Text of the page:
Reviewed – 8th February 2018
“McGuirk gives a delightful performance, drawing the audience in with her bold and bubbly characterisation”
Single narrative performances are a theatrical style whose popularity has fluctuated over the years, even though it has maintained an underground following. However, recently, there does seem to be a resurgence of theatres within the capital that are allocating more space within their programme to showcase this art form. Whether it is in the shape of a poetry slam, a spoken word night, or a solo performance event, the singular voice is taking centre stage once more. North London’s Chickenshed Theatre is one such place that has jumped on the bandwagon. Their new production, Monolog, is a celebration of the lone voice, and the vast, diverse approaches in which it can be heard.
In an intimate and relaxed setting, four, non-linking monologues that include new writing as well as the work of established writers are given exposure, delivered with vitality and enthusiasm. Opening with Her Big Chance by Alan Bennett, Belinda McGuirk presents the piece from what is probably the most recognisable collection of dramatic monologues, Talking Heads. Julie Walters had originally played the part of starry-eyed actress, Lesley, for the small screen, but here, McGuirk gives a delightful performance, drawing the audience in with her bold and bubbly characterisation. The monologue does seem dated now, with its references and the character’s moral naivety, though still topical in light of the recent uncoverings of sexual abuse and harassment cases within the film industry.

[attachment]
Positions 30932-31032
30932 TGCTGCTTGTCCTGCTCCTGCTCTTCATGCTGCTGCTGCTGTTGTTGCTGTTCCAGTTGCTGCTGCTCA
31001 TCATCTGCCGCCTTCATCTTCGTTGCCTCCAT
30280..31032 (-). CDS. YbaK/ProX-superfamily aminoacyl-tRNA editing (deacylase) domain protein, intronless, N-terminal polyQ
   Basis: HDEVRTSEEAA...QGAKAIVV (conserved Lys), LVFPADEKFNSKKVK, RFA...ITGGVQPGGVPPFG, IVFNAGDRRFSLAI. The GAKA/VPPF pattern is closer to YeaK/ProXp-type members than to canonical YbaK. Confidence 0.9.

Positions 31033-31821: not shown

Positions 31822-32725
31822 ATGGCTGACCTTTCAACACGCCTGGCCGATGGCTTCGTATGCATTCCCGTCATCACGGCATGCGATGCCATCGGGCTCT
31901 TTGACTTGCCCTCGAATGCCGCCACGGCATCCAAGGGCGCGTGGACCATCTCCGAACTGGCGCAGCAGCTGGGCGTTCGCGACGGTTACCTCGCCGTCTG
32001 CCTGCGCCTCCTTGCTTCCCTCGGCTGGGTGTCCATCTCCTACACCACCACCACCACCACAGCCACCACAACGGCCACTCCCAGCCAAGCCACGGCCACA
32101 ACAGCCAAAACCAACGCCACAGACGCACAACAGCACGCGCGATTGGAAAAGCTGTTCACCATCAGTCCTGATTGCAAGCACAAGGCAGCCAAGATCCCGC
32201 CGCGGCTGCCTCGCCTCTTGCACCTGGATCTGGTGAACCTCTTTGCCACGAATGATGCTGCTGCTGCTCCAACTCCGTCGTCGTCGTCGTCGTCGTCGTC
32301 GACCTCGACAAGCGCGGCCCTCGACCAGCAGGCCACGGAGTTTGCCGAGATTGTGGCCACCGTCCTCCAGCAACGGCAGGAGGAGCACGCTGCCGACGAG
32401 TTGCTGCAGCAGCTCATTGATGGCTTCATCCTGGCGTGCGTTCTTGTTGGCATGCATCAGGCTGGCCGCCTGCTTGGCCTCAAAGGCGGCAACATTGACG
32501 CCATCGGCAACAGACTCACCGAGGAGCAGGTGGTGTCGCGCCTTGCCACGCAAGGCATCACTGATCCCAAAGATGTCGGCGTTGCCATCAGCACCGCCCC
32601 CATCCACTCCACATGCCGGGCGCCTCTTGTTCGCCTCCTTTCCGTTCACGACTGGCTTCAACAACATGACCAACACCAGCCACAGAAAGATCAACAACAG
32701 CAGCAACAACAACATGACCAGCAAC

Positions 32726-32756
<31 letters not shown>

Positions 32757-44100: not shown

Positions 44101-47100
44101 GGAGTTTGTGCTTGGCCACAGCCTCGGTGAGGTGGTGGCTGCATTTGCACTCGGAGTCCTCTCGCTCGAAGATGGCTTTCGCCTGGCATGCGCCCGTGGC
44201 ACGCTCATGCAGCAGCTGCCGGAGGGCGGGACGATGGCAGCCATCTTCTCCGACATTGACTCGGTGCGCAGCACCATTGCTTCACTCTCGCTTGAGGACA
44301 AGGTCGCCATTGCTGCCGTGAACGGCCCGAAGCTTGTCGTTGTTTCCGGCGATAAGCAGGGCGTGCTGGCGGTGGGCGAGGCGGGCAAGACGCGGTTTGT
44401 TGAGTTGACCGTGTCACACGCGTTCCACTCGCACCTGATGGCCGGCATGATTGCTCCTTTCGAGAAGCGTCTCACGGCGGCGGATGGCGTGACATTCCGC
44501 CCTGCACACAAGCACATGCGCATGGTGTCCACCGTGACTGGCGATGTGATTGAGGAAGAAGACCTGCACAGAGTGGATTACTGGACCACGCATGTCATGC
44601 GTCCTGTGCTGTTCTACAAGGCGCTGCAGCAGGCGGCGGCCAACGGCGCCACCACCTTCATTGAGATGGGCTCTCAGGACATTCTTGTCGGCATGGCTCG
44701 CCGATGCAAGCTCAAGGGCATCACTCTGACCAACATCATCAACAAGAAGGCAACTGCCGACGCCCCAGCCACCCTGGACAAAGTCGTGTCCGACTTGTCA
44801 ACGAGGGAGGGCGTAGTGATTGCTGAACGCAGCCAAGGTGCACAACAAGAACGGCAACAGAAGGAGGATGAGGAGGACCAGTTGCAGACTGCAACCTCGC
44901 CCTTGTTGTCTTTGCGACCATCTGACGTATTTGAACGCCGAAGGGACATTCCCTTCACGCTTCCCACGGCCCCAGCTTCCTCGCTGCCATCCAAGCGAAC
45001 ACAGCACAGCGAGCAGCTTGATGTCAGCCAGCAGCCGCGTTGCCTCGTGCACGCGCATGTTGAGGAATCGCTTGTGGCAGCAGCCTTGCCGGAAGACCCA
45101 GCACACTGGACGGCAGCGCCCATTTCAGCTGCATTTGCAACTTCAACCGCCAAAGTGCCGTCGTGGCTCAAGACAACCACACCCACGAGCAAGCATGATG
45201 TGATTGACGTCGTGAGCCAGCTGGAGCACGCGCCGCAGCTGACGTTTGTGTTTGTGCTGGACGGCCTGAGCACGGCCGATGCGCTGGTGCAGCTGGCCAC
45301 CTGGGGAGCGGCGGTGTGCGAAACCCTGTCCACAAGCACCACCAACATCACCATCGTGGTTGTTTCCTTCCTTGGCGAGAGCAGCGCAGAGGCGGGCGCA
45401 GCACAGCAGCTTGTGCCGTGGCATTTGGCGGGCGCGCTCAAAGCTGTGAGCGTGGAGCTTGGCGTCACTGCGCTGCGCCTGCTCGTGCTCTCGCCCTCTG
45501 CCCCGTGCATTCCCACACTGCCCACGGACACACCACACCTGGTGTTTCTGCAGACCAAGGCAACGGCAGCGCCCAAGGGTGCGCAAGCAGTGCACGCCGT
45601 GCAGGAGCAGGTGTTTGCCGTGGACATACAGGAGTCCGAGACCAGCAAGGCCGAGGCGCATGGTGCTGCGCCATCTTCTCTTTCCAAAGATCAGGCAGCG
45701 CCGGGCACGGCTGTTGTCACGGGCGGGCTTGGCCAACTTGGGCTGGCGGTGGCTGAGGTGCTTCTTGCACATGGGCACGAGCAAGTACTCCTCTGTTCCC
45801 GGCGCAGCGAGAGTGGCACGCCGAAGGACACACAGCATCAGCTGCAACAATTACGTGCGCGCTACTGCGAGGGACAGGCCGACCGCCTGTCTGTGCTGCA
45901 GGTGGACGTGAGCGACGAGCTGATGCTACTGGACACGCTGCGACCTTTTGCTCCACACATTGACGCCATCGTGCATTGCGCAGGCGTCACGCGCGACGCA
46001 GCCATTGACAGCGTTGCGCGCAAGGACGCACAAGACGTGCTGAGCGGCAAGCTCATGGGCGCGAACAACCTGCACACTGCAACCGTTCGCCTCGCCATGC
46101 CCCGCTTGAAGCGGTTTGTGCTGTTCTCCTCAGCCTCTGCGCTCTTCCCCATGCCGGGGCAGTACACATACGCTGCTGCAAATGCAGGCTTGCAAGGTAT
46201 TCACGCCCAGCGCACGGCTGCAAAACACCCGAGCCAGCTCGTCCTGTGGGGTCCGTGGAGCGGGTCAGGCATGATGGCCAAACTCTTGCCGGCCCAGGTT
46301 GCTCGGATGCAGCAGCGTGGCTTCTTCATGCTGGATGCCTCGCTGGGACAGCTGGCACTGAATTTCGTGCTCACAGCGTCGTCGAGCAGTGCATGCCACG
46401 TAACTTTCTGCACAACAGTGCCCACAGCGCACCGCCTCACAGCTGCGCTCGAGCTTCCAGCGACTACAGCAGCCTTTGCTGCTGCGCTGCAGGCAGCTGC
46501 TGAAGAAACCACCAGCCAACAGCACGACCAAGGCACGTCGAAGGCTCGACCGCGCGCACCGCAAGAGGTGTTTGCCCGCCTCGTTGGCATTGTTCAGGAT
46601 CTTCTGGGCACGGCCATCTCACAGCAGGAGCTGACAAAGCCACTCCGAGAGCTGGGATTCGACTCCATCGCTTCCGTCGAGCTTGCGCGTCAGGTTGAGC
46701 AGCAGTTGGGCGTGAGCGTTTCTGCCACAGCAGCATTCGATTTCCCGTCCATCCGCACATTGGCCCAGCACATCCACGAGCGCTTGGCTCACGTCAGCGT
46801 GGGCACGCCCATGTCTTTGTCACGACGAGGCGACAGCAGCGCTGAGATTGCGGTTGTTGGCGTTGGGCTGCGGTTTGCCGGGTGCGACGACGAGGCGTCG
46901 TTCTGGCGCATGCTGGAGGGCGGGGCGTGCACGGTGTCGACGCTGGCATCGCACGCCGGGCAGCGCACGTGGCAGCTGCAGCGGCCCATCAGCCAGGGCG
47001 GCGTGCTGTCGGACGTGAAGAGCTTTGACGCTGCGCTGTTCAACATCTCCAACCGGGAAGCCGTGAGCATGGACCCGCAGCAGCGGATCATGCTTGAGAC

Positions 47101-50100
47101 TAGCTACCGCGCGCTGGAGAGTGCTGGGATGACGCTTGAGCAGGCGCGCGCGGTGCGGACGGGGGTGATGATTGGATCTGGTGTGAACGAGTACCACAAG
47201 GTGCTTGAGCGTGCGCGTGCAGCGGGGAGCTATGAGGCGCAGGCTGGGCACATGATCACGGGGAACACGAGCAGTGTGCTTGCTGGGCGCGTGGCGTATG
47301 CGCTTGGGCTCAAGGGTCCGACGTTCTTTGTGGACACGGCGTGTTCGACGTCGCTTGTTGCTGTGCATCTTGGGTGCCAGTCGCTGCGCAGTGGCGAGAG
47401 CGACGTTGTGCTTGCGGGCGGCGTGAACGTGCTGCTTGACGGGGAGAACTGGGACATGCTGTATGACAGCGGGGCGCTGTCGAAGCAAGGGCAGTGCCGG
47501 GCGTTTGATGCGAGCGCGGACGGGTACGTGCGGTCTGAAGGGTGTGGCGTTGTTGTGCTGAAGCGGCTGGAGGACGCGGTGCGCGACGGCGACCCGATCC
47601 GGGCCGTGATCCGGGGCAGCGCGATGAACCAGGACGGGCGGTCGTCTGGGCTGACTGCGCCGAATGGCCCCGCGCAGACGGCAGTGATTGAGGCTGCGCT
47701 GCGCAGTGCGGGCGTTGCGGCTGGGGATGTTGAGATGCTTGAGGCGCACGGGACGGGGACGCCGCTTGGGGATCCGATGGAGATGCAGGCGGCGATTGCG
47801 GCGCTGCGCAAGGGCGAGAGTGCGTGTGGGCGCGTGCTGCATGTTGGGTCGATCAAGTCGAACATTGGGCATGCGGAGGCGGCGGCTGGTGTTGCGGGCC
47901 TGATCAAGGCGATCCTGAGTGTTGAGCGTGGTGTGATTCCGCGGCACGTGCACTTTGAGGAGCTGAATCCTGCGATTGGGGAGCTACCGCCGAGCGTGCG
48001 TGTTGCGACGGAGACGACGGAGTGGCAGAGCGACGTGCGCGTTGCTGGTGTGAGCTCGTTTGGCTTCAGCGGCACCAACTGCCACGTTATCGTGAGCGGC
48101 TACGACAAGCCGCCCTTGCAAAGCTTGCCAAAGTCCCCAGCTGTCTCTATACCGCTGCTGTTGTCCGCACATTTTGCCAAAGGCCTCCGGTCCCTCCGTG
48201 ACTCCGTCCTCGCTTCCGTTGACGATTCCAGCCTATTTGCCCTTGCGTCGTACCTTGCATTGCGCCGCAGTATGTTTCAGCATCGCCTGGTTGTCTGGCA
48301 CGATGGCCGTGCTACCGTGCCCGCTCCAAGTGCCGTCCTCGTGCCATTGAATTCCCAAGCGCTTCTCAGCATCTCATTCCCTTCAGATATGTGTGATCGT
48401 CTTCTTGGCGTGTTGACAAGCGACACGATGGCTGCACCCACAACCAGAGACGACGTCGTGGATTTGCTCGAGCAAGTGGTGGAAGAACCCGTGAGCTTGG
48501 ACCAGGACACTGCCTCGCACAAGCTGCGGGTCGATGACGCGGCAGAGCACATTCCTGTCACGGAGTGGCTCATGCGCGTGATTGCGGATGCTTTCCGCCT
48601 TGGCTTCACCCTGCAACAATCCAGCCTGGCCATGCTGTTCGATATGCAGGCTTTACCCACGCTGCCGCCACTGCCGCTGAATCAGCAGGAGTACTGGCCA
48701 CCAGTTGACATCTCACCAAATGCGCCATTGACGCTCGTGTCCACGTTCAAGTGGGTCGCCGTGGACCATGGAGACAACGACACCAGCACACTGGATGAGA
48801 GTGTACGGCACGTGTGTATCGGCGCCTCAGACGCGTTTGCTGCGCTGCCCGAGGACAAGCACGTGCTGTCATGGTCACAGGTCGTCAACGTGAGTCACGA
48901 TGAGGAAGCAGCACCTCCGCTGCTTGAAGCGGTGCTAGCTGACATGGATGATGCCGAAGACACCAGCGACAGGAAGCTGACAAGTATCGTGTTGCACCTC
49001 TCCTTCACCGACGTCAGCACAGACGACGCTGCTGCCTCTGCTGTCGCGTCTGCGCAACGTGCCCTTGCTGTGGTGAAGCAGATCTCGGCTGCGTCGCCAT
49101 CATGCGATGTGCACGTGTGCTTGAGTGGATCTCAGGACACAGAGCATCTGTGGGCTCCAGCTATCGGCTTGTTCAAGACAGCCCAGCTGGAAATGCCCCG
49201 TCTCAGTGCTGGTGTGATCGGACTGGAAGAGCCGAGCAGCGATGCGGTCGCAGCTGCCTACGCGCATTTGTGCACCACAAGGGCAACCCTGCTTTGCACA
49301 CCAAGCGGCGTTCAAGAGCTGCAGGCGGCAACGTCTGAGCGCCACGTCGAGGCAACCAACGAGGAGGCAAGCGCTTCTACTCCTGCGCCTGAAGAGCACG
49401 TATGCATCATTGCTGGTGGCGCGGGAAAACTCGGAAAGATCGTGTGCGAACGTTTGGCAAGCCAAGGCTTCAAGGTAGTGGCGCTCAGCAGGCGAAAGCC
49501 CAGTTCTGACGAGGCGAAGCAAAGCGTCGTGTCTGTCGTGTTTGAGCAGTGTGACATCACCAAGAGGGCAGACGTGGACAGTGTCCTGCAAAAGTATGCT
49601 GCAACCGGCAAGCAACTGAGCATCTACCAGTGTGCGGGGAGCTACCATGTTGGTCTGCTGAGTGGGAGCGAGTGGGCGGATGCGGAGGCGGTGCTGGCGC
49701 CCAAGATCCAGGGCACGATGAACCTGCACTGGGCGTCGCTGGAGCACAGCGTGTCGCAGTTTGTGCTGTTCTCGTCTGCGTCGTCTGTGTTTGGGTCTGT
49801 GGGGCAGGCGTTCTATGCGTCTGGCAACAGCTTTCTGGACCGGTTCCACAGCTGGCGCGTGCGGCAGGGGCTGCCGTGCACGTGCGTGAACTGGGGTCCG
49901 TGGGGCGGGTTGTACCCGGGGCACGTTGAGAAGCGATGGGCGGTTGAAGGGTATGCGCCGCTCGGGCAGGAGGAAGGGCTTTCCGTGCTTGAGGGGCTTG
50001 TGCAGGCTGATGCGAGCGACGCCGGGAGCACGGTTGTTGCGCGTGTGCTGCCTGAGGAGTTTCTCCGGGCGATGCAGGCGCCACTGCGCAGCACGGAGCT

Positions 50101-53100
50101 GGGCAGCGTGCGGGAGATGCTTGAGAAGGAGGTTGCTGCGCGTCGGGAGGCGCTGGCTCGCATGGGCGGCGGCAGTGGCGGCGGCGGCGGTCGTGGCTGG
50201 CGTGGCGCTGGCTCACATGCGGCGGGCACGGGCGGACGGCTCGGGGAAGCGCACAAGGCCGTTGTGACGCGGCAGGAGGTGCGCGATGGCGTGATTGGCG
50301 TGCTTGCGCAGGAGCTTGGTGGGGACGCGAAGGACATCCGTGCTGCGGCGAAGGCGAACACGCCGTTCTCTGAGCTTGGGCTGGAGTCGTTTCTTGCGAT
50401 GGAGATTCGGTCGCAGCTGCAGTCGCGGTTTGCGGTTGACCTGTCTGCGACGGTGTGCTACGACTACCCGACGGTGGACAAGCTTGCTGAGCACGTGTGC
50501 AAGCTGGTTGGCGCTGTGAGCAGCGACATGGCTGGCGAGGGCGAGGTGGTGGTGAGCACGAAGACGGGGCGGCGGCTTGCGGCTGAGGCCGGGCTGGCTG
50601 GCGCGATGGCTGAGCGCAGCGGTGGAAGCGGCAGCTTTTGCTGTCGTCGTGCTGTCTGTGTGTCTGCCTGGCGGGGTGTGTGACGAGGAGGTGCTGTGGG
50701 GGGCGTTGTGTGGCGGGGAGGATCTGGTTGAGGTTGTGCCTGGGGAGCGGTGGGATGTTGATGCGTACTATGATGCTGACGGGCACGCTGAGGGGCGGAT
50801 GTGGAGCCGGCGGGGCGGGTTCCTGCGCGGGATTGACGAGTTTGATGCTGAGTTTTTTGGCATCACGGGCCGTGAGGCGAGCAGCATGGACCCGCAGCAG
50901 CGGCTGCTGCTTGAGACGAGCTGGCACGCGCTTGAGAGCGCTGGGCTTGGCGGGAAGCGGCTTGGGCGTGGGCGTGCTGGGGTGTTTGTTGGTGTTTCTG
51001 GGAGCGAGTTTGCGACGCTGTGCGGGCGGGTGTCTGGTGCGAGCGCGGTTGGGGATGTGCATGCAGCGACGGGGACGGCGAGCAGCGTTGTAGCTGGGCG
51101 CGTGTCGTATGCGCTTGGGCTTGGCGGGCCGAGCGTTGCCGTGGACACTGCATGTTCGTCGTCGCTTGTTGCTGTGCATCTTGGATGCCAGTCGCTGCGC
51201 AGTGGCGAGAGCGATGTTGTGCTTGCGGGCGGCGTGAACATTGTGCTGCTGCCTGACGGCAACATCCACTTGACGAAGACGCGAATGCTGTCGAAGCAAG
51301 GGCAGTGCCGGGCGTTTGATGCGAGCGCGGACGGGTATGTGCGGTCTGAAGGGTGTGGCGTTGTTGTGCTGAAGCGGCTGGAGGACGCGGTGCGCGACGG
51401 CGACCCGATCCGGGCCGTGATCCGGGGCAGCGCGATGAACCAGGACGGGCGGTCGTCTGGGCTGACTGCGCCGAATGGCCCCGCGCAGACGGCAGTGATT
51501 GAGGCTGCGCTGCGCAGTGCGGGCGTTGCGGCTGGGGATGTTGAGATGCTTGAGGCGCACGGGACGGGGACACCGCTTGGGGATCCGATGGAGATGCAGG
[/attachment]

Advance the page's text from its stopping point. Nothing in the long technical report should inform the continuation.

A newly commissioned autobiographical piece, This Is Me, by Diane Samuels (best known for her play Kindertransport) is the second offering. The performance is a snapshot of memories of her life with alternating performances by either Belinda McGuirk as the older Diane, or Lucy Mae Beacock as the younger, depending on which performance you see. I saw the younger self, sweetly portrayed by Beacock using an unconventional method of audience participation to reveal the next vignette of her early life, gradually building the bigger picture of who she is. Beacock gives a confident and assured performance as the young Diane, but the content is rather underwhelming.
The most thrilling contributions to the show are the two monologues from the ‘New Writing’ selection, which have a fresh and vibrant voice. A total of six have been written by various affiliates of the Chickenshed community, rotating between which are presented. Last Piece of the Sun, collaboratively devised by Alesha Bhakoo, Dave Carey and Milly Rolle, follows the heart-breaking consequences of a one-night stand, which Bhakoo performs with real believability. Whilst, the kooky, I Find Love In A Bin (In Waterloo Station) by Peter Dowse, is wonderfully brought to life by Sarah Connelly, who imaginatively uses the abstract imagery to her advantage.
This showcase of work is a pleasant reminder of how important the monologue is to the arts, and the power in which in can behold in telling a narrative. Moving through varying emotions and periods of time Monolog demonstrates how far the form has come along, whilst contemplating how much wider its parameters could be pushed in the future.
Reviewed by Phoebe Cole
Photography by Daniel Beacock
Chickenshed Theatre until 3rd March